Based on the play by David Belasco and Tom Cushing, “Laugh Clown Laugh” is a bit of an odd mix. Melodramatic, the story escalates to a powerful crescendo that yields tragic results; although the premise, of the father figure becoming smitten with the woman he's known from a distance since childhood, echoes the more contemporary relationship that yielded Woody Allen's current marital status. Not really that unsettling in the film (due to Lon Chaney's self-aware and fearful characterization, and a highly conservative censor board), but Allen's own relationship certainly alters a contemporary reaction to the film that differed from 1920s audiences, which made “Laugh Clown Laugh” a great success.
Whereas “The Ace of Hearts” was shot using orthochromatic film – which mandated actors wear heavier, pale makeup – “Laugh” was filmed using the more versatile panchromatic stock. With less makeup, the shades of grey and focus details are far improved, and with a better print source, the transfer is more immaculate. Though not credited in the main title sequence, “Laugh” was photographed by one of Hollywood's greatest black & white cinematographers – James Wong Howe – and his genius for rich lighting, textured backgrounds and compositional beauty dominate this elegant film.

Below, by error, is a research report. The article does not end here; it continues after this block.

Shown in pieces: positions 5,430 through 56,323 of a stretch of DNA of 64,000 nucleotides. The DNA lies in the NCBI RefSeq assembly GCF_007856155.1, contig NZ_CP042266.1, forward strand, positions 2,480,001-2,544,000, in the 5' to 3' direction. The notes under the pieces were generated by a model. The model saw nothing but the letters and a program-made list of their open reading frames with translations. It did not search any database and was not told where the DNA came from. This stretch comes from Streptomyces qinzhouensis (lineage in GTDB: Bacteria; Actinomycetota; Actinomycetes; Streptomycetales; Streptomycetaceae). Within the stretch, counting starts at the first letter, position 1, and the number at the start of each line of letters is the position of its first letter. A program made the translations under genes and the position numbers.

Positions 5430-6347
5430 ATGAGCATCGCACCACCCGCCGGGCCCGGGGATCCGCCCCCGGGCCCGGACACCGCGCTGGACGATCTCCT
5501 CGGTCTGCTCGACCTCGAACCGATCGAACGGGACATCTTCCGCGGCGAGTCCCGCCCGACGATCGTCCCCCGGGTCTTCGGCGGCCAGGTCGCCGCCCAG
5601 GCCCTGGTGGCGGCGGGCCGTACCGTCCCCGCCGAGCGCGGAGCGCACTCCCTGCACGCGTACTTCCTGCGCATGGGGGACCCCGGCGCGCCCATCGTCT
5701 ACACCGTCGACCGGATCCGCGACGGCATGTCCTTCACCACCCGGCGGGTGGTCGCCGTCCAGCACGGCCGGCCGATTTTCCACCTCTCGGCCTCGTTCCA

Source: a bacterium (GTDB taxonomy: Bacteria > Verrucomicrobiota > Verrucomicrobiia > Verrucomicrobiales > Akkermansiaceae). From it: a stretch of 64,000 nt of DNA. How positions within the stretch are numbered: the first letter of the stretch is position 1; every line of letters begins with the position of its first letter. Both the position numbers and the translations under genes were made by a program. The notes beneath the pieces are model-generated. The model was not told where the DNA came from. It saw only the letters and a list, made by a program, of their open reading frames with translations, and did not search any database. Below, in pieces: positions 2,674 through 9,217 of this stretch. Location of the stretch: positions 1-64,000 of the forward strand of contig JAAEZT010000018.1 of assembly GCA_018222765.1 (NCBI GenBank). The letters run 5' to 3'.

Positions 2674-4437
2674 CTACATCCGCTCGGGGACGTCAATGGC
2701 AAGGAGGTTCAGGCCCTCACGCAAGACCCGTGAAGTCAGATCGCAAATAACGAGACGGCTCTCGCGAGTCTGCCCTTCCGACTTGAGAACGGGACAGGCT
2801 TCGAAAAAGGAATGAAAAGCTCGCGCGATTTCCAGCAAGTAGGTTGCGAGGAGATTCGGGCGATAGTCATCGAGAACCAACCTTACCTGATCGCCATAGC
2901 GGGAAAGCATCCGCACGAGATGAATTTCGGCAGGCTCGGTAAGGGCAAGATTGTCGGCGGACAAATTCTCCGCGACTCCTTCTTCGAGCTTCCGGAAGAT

Like “Ace Of Hearts,” “Laugh Clown Laugh” also benefits from a truly moving orchestral score by H. Scott Salinas, second prize winner of TCM's Young Film Composers Competition. Like Vivek Maddala, Salinas ignores the period musical references and popular themes (like the original theme song) which were played by a live organist or small orchestra during the film's original screening. Salinas balances a contemporary orchestral approach with a deliberate aim towards character intimacy, making “Laugh Clown Laugh” all the more accessible for modern audiences.
Like his previous track for “Ace,” historian Michael F. Blake delivers another solid commentary, using the film as another pivotal moment in Lon Chaney's career, along with first-hand interview material from Loretta Young (who turned 14 during filming). Adding a now familiar splendor of historical and production facts, Blake also offers vintage reviews, censor objections, and reads material from a deleted scene, and an alternate ending offered to theatre owners (much like F.W. Murnau's “Four Devils” film).
For his three books, Blake spoke with several people who had worked with Lon Chaney, and this particular commentary functions as a natural prologue into the documentary, “Lon Chaney – A Thousand Faces,” which appears on Disc 2. The anecdotes are frequently moving, and the pivotal moment when Young's character, Simonetta, chooses her beloved, still packs an emotional wallop after 75 years.
“Laugh Clown Laugh ” is part of Warner Bros' Lon Chaney Collection. The 2-disc set also includes the features “Ace of Hearts ,” also on Disc 1, and “The Unknown,” on Disc 2, with extra bonus features to boot.
© 2003 Mark R. Hasan